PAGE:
Hiring Rock Stars
By Christopher Michel, Maveron Sector Advisor
This morning, I noted that Auren Hoffman posted a link to Mark Suster’s great blog post, “Who Should You Hire in a Start-up?” Essentially, Mark advocates for hiring people that want to “punch above their weight class.” In other words, people that are still striving to grow in their careers. I couldn’t agree more. Giving people a shot at the big job often delivers fantastic results – for 3 main reasons.
First, it allows you to recruit rock-stars out of existing companies. Let’s face it, many of the best people are already employed. They know they are good – and are thinking about the next step in their career. For a host of reasons, their existing employer might not be willing or capable of providing that next challenge. You are.
So, for example, the director of marketing at XYZ.com is the one making it happen at the company. XYZ already has a competent VP of marketing and is unlikely to promote their director, as there isn’t room in the org chart for her. That’s where you come in….sorry XYZ!
Second, the person is likely to work extra hard to demonstrate that they can do the job. Our new VP of marketing (from XYZ) knows that you’ve just bet big on her (with the board, the team, etc) – and that she left a great job to play in the majors (the management team). Failure just isn’t an option. Contrast that with the “industry veteran,” who has less to prove, isn’t willing to sacrifice life balance (forgive me for being so blunt), and might be more easily disappointed if the job doesn’t meet their generally high expectations (difficulty, comp, structure, etc).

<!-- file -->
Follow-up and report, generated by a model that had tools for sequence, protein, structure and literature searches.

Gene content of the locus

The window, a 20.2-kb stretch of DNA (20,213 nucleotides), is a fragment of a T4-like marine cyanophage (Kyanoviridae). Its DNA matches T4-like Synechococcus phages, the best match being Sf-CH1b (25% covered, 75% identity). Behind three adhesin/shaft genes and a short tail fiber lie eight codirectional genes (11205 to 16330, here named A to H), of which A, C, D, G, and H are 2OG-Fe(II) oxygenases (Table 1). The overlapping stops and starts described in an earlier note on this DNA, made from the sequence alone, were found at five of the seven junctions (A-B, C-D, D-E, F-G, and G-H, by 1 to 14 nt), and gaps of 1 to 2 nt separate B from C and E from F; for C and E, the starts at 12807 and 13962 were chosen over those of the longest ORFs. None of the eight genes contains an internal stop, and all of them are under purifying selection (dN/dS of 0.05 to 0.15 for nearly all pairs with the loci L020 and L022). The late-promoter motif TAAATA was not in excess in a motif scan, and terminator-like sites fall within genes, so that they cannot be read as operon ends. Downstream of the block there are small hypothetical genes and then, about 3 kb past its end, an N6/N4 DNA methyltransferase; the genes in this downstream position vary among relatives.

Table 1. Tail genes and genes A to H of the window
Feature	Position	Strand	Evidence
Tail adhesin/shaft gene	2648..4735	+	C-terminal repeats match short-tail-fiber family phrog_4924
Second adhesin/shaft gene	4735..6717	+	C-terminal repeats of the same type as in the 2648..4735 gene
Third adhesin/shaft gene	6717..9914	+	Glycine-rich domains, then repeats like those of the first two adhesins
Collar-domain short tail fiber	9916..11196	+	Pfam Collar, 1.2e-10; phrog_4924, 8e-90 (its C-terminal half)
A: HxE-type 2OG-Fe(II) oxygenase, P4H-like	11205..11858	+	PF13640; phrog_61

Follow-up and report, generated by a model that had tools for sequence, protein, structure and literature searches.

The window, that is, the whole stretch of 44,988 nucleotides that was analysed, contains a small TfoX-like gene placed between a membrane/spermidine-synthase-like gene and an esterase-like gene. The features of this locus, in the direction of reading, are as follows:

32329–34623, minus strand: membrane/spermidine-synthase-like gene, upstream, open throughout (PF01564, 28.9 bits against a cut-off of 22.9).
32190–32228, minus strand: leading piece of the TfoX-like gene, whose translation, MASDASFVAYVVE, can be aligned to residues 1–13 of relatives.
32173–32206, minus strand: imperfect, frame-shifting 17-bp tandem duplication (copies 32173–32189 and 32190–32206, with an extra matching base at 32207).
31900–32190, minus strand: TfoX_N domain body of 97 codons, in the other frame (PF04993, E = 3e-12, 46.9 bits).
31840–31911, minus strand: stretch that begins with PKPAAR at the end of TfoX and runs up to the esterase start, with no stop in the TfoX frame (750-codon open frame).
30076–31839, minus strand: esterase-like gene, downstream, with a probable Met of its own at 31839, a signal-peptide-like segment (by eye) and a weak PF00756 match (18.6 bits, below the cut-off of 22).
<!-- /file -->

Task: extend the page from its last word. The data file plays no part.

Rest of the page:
Third, our “striver” is more likely to be good at both personal execution as well as delegation. I’ve found this to be a critical characteristic of start-up success. Often, senior “industry veterans” are less willing to roll up their sleeves and do actual work. Often the kind of output required for entrepreneurial success requires the full involvement of the senior team. As you well know, it is very difficult (if not impossible) to delegate innovation. Our new VP of marketing, for example, knows the specifics of media buying (the people, the deal structure, terms, etc) and will often be able to leverage their (relevant & timely) experience to more effectively lead and calibrate an execution-driven team. (I wrote more about this here: http://gigaom.com/2007/06/06/outcomes-vs-activity/)
I’m making a great number of generalizations in this post. Experienced leaders have much to offer startups – and can provide game-changing DNA to companies. That being said, I’ve consistently found that hiring people earlier in their careers and giving them big jobs is a winning strategy. At both Affinity Labs and Military.com, we had a large number of team members right out of college. We gave them big jobs, believed in them, and they delivered simply amazing results.